Tenant in common (TIC) is a form of co-ownership of an undivided interest in property. Remember, property can be anything you own. It is not protected from creditors, and is a fine way to own property. The disadvantages are that an owner's interest in the property will go through probate if owned in his/her name, and that the property is not protected from creditors. This can be avoided by having a trust or business entity own the interest, or using a different form of ownership, such as joint tenants with rights of survivorship (JTWROS). In JTWROS, the surviving co-owners will inherit the deceased's interest in the property automatically by operation of law. In contrast to TIC and JTWROS, tenants by the entirety (TE or TBE) is a form of co-tenancy that is limited to co-ownership between spouses. It has the same effect upon death as being joint tenants, but also provides an additional benefit: it's protected from creditors of either spouse, but not creditors of both spouses. For example, A and B own an investment house in their names personally as tenants in common. If A dies, his interest must be probated or be devised to his/her appropriate beneficiaries in probate proceedings. (If it was owned by a trust it would by pass those proceedings). B would then co-own the property with A's beneficiary's as new owner. In contrast, assume A and B own the property jointly as joint tenants with rights of survivorship or as TBE. Upon A's death, the property passes to B automatically as the sole owner of the property. There is no need to go through probate proceedings. Joint ownership is helpful for avoiding probate and also devising property to family. However, please note that this form of ownership generally does NOT provide any asset protection benefits.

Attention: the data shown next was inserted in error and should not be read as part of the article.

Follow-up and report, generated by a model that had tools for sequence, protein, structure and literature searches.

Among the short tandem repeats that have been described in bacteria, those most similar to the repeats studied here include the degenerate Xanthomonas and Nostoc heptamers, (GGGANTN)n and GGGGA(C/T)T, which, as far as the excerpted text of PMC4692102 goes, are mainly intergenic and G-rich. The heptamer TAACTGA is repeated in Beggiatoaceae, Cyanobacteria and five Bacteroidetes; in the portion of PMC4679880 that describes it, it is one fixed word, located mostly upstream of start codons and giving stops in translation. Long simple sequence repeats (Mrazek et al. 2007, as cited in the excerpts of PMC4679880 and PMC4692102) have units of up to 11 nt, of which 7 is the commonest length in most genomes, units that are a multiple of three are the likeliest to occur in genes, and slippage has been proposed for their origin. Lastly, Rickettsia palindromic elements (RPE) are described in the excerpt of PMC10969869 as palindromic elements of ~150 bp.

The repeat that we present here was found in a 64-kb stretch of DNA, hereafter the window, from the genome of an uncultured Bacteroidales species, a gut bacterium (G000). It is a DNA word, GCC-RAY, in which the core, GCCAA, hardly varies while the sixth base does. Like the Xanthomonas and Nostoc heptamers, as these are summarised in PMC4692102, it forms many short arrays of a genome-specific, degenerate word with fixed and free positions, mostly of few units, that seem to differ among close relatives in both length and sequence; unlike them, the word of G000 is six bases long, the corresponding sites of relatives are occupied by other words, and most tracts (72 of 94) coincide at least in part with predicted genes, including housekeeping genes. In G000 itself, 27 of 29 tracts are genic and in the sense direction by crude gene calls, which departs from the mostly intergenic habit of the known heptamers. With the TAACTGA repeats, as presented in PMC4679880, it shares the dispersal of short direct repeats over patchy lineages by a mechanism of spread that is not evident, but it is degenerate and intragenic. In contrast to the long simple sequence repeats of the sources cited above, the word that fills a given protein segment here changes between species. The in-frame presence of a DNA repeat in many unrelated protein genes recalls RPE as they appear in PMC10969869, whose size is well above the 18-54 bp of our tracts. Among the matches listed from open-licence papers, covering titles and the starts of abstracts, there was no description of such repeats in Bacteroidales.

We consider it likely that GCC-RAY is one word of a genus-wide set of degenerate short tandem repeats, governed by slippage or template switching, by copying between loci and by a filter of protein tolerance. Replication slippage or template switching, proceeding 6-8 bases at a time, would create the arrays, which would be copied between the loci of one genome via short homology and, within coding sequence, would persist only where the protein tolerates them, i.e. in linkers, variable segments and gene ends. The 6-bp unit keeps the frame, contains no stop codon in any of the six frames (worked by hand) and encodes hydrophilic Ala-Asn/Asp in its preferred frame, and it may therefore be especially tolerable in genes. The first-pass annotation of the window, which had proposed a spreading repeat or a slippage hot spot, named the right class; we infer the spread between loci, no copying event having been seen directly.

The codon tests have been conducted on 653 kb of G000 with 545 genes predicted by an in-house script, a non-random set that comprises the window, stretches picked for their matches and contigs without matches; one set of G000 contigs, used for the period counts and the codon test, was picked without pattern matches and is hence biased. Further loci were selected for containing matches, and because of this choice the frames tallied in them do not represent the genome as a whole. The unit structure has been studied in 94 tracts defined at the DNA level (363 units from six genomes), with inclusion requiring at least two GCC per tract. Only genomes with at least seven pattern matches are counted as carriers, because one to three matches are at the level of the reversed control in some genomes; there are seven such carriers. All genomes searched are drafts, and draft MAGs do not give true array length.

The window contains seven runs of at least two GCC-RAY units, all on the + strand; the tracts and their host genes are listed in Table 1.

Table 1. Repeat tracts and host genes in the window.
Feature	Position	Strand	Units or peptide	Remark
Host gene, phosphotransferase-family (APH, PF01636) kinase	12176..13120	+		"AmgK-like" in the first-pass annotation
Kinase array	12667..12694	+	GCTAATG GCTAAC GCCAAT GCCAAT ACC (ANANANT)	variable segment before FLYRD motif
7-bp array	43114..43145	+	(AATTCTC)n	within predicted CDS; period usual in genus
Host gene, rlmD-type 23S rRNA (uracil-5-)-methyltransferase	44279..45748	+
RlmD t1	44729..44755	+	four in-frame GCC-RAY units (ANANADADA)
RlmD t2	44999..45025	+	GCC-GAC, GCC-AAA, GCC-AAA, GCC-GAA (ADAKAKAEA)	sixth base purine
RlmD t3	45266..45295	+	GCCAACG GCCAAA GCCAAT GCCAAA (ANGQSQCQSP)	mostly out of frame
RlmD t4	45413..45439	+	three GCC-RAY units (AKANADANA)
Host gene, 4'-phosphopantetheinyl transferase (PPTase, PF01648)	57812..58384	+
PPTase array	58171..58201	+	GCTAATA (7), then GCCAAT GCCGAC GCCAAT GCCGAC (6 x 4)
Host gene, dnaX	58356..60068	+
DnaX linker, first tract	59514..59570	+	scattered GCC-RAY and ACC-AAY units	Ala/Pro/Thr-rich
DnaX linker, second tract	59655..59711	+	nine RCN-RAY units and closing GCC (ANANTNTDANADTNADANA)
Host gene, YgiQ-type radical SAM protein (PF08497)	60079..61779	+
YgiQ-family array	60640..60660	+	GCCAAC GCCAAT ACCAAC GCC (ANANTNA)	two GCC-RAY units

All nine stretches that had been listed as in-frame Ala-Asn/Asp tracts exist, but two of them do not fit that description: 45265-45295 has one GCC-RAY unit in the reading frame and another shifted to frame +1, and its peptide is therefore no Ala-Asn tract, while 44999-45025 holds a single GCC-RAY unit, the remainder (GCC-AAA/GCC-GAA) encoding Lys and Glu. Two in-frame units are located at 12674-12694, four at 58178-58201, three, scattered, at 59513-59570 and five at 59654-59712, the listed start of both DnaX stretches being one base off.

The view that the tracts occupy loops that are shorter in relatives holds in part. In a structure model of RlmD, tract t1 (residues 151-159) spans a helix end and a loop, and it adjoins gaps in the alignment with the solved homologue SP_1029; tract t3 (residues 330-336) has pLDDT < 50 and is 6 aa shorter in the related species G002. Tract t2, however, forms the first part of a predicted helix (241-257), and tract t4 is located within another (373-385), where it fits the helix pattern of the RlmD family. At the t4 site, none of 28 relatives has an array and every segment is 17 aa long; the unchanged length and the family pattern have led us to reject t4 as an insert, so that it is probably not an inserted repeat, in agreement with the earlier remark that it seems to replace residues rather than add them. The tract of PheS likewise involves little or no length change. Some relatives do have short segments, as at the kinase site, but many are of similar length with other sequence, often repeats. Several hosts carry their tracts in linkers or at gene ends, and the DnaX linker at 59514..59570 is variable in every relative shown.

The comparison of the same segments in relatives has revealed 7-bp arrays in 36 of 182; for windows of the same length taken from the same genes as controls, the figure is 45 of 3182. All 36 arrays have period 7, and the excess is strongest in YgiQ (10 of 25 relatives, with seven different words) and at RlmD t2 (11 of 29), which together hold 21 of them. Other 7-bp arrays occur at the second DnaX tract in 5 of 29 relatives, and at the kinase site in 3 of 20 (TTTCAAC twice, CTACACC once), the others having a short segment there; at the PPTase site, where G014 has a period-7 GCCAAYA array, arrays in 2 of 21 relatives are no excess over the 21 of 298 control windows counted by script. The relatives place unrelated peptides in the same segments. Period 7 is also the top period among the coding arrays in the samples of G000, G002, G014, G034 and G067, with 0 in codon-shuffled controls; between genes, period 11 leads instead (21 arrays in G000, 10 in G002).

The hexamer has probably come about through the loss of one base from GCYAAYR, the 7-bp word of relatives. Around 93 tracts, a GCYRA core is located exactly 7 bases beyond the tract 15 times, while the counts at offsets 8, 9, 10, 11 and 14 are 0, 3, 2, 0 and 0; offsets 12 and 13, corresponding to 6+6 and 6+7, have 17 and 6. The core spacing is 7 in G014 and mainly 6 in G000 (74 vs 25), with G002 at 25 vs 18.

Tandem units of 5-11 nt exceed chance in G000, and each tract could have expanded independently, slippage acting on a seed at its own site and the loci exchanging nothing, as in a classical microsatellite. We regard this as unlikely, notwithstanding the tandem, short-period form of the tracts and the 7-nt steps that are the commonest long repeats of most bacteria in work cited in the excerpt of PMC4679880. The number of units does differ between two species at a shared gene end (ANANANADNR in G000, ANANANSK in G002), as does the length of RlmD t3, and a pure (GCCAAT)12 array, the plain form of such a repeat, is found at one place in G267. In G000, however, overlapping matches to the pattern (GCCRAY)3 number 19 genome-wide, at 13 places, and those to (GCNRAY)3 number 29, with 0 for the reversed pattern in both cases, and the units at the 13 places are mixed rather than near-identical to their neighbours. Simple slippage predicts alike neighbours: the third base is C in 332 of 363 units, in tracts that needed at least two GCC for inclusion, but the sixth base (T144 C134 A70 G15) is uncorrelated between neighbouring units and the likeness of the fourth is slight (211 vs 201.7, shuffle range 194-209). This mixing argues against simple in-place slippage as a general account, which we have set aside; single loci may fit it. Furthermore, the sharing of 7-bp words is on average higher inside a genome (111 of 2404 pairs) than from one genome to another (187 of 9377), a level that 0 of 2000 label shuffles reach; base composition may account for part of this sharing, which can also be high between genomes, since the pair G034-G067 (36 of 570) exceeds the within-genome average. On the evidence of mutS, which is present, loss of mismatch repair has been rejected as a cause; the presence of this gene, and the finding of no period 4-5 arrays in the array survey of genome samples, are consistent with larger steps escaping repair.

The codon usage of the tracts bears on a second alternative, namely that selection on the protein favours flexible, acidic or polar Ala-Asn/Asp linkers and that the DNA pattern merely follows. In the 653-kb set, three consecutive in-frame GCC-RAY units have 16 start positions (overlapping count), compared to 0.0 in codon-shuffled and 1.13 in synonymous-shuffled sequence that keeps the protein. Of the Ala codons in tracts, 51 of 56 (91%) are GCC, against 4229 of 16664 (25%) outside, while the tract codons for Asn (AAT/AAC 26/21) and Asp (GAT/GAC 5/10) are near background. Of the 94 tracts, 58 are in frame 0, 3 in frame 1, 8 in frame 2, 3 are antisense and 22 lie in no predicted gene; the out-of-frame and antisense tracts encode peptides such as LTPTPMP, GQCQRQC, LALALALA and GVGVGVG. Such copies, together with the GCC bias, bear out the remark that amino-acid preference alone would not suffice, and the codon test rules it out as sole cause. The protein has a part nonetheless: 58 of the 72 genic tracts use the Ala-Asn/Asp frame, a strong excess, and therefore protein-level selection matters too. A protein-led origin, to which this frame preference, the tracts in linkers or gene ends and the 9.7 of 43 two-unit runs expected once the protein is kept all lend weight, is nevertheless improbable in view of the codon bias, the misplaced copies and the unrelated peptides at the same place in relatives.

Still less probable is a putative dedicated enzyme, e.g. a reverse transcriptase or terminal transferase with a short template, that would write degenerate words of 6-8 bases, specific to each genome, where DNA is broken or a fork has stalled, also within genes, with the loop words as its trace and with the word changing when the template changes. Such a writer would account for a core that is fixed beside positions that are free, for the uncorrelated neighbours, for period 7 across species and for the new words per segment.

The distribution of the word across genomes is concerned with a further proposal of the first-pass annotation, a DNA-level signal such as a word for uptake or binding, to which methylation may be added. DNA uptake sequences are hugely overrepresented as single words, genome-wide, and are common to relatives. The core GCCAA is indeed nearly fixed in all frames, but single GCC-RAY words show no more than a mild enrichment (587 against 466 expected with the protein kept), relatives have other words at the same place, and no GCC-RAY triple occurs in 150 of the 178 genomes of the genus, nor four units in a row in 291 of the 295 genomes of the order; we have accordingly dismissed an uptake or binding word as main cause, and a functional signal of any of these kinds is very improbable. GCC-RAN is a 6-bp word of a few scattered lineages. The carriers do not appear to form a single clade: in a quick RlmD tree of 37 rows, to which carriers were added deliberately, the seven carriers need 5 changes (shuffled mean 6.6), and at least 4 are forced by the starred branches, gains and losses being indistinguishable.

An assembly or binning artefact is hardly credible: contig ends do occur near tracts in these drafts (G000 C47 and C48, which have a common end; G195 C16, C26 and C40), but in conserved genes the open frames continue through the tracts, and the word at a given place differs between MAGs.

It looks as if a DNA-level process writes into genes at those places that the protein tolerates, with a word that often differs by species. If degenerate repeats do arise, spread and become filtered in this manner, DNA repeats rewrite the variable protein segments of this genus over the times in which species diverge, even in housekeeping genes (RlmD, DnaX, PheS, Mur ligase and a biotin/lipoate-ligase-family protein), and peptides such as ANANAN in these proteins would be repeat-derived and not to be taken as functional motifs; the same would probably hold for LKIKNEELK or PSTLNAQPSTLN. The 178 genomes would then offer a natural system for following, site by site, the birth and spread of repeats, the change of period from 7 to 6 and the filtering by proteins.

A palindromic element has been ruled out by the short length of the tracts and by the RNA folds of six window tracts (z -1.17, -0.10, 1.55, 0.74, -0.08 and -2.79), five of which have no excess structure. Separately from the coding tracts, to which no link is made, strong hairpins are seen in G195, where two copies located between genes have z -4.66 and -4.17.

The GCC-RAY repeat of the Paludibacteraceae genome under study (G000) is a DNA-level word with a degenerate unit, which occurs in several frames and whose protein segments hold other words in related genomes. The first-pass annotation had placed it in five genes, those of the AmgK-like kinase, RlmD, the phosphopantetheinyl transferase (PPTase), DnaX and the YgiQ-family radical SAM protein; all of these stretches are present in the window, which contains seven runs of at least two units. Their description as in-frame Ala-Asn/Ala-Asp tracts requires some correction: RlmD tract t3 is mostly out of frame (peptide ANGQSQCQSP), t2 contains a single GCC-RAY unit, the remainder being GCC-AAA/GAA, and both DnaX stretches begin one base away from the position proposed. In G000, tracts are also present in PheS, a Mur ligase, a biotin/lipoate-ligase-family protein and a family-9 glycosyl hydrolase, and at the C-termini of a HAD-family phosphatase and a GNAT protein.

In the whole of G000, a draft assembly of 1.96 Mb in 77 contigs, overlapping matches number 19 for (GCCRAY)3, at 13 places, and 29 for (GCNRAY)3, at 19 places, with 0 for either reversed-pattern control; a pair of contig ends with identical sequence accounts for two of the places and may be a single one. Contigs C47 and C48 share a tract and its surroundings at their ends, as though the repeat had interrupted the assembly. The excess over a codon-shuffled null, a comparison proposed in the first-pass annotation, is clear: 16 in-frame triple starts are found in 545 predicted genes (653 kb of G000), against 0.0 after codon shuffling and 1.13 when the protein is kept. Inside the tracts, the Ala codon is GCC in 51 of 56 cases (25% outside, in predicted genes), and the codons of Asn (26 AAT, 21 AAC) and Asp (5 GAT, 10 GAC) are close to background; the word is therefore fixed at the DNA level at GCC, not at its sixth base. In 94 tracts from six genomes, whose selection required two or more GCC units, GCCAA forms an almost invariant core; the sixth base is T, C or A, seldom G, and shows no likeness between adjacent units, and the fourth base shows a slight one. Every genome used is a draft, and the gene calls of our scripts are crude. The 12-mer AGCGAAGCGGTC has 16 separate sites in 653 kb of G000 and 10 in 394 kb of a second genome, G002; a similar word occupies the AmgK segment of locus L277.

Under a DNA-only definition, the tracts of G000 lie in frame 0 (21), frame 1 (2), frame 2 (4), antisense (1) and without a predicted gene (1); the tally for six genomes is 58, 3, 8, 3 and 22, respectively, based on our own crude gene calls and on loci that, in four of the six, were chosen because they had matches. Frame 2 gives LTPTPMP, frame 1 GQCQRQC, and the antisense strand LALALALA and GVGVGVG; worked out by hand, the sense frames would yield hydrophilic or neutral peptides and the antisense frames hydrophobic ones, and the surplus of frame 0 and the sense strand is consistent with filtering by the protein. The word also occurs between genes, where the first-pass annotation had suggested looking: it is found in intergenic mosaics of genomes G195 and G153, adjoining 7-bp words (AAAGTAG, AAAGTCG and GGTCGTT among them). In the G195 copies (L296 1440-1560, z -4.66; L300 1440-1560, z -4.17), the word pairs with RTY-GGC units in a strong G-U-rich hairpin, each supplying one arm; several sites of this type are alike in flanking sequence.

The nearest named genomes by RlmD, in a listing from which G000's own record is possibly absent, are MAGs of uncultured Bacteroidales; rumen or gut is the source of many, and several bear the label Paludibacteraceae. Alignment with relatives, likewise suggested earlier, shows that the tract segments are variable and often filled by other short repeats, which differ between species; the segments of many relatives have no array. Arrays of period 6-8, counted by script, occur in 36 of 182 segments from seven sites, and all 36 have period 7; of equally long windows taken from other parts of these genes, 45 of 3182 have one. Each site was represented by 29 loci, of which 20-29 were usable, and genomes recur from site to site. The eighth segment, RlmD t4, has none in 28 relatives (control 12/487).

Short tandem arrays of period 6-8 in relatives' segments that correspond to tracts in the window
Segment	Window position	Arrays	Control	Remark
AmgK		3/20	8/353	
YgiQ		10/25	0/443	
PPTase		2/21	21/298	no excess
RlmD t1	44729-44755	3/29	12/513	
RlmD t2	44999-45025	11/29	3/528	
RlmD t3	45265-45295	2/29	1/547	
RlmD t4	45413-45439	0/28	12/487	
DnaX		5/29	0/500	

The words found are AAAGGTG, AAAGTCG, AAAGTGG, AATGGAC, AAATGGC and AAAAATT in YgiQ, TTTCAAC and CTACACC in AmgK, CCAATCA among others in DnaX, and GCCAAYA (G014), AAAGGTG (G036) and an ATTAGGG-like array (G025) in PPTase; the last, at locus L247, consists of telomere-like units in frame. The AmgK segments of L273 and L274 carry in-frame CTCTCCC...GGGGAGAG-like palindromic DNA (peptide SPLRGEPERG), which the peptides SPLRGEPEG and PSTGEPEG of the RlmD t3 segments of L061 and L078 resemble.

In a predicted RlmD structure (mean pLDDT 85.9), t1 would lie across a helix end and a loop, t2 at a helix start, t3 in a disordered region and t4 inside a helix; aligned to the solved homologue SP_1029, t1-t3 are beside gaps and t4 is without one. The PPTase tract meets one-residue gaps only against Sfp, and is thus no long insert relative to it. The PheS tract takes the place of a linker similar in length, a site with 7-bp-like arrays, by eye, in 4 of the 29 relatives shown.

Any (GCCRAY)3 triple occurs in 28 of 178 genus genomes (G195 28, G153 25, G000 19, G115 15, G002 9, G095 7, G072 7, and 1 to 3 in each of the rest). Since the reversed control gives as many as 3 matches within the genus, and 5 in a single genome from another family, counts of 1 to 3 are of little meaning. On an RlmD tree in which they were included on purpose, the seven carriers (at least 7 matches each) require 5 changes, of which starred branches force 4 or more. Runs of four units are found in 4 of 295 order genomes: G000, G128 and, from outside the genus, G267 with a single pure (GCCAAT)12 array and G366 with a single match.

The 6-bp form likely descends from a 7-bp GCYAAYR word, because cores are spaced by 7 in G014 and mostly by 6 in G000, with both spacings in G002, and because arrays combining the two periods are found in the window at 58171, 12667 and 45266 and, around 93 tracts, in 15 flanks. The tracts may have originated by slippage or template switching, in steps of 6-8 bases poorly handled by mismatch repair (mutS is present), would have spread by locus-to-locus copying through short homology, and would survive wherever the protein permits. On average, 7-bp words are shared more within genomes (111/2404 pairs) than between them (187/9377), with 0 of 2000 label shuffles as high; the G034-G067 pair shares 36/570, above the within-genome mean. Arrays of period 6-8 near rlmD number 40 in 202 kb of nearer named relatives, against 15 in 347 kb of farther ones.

Wills and Living Wills Lawyer